Join Date: Dec 2004
Location: Portugal
Posts: 8,219
Default

Hi Jim and Jeff.
Time to update you on this saga.
On the maker's mark, i still have nothing solid. As Jeff well sugested, it could not belong to the smith but to the trader, whom doesn't seem to be known enough to be regconized. There is also the problem of the faded name which, after several tests out there, is considered to be ALFRED SCHULTZ, but still not recorded anywhere so far. The human bust could be a Bishop and not a King, but also no evidence of its record.
As for type of this piece, let me tell you that, before it ended up identified, it was called respectively: hunting sword, infantry or police sidearm, Collins machete, russian shasqa, cutacha, rehilted WWI bayonet, Museum Replicas shasqua, and so on Quite an endurance
Then suddenly somebody comes up with a picture of a similar piece, posted in a thread four years ago, where the moderator asked an expert to identify.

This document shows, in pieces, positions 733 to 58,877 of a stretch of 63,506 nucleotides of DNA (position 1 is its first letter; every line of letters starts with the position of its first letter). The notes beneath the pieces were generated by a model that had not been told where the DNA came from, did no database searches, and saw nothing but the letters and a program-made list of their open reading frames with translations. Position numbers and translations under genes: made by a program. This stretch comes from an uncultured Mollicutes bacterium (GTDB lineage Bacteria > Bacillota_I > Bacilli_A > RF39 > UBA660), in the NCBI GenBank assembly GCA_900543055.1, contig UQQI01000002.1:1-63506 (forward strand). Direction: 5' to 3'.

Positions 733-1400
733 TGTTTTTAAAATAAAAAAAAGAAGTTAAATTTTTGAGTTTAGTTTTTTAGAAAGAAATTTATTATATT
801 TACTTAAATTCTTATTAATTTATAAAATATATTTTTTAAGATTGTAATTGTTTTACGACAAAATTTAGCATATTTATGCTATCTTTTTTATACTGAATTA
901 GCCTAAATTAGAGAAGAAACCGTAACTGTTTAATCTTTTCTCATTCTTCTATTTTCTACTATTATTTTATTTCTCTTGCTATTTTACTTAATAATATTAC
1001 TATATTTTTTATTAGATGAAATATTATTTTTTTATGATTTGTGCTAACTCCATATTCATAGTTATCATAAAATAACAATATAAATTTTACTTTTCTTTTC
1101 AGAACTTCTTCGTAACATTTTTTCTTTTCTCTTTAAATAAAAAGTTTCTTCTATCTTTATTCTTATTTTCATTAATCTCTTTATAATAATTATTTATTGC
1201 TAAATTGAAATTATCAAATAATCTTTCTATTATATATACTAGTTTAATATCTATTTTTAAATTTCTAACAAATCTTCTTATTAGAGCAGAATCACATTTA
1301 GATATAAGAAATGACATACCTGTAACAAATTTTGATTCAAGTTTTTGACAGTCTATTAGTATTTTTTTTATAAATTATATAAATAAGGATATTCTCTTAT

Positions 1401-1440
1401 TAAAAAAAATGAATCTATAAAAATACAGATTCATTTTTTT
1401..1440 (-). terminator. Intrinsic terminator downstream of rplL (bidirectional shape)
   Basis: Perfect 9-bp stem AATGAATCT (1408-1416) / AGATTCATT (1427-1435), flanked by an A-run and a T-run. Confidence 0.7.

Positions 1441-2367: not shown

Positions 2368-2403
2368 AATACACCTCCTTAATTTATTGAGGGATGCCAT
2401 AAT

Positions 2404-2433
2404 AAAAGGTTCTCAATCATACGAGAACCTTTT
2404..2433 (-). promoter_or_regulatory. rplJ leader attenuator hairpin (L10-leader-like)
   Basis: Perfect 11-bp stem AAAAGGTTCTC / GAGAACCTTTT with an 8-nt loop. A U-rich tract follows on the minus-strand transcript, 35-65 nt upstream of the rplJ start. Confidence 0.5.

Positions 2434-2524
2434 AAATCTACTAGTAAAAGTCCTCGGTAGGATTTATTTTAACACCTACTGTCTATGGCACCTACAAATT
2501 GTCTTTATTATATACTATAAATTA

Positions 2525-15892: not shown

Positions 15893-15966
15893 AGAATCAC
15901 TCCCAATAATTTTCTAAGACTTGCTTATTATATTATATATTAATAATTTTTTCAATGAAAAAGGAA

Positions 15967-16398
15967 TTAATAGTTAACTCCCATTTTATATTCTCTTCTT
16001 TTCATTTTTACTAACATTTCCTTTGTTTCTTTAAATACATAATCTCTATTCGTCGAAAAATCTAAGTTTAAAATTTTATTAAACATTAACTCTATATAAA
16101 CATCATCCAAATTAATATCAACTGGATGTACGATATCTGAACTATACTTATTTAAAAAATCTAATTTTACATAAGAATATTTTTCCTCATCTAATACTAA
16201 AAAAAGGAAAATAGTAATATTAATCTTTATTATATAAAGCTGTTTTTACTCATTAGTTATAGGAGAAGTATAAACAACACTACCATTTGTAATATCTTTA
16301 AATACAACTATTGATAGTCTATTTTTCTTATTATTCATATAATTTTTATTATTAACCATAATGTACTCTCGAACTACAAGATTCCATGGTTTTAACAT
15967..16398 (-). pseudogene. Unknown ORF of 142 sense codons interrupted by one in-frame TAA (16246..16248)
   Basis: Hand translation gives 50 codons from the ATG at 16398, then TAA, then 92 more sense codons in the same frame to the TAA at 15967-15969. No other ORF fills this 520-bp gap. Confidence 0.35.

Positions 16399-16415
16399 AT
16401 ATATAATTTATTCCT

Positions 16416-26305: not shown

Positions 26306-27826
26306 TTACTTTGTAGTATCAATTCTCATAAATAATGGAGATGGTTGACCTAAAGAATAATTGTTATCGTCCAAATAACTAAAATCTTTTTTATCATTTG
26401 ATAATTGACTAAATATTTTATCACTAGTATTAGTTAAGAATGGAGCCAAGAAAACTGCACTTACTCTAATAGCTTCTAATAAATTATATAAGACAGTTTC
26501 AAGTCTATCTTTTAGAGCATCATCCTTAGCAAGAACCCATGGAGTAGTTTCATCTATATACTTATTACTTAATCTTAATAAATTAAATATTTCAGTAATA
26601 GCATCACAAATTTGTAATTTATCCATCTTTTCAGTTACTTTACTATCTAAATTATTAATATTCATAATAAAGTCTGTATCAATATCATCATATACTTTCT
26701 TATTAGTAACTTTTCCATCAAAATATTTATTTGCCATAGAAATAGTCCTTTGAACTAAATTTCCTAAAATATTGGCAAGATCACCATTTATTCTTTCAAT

The name of the piece is Machete do Monte.
The poster was not2sharp, the moderator was Bernard Levine ( bladeforums.com ) and the expert is Carter Rila.
As for the age, a different opinion dated that typeface around 1880, as also others sugested that the engraving could be a later work, so not necessarily representing the date of manufacturing of the piece.
In view of all this, i decided to go back to the seller and buy him something more peacefull The attached pictures show a piece much easier to atribute a manufacturer I just have to find out whether this is a machete or some kind of variation. The age, i hope is XIX century, until i hear or read otherwise. The grips would be horn. The guard and fittings are german silver ( this the term? ). The blade on this one is much thinner and wider, and is 14" long. It's good it keeps its leather scabbard.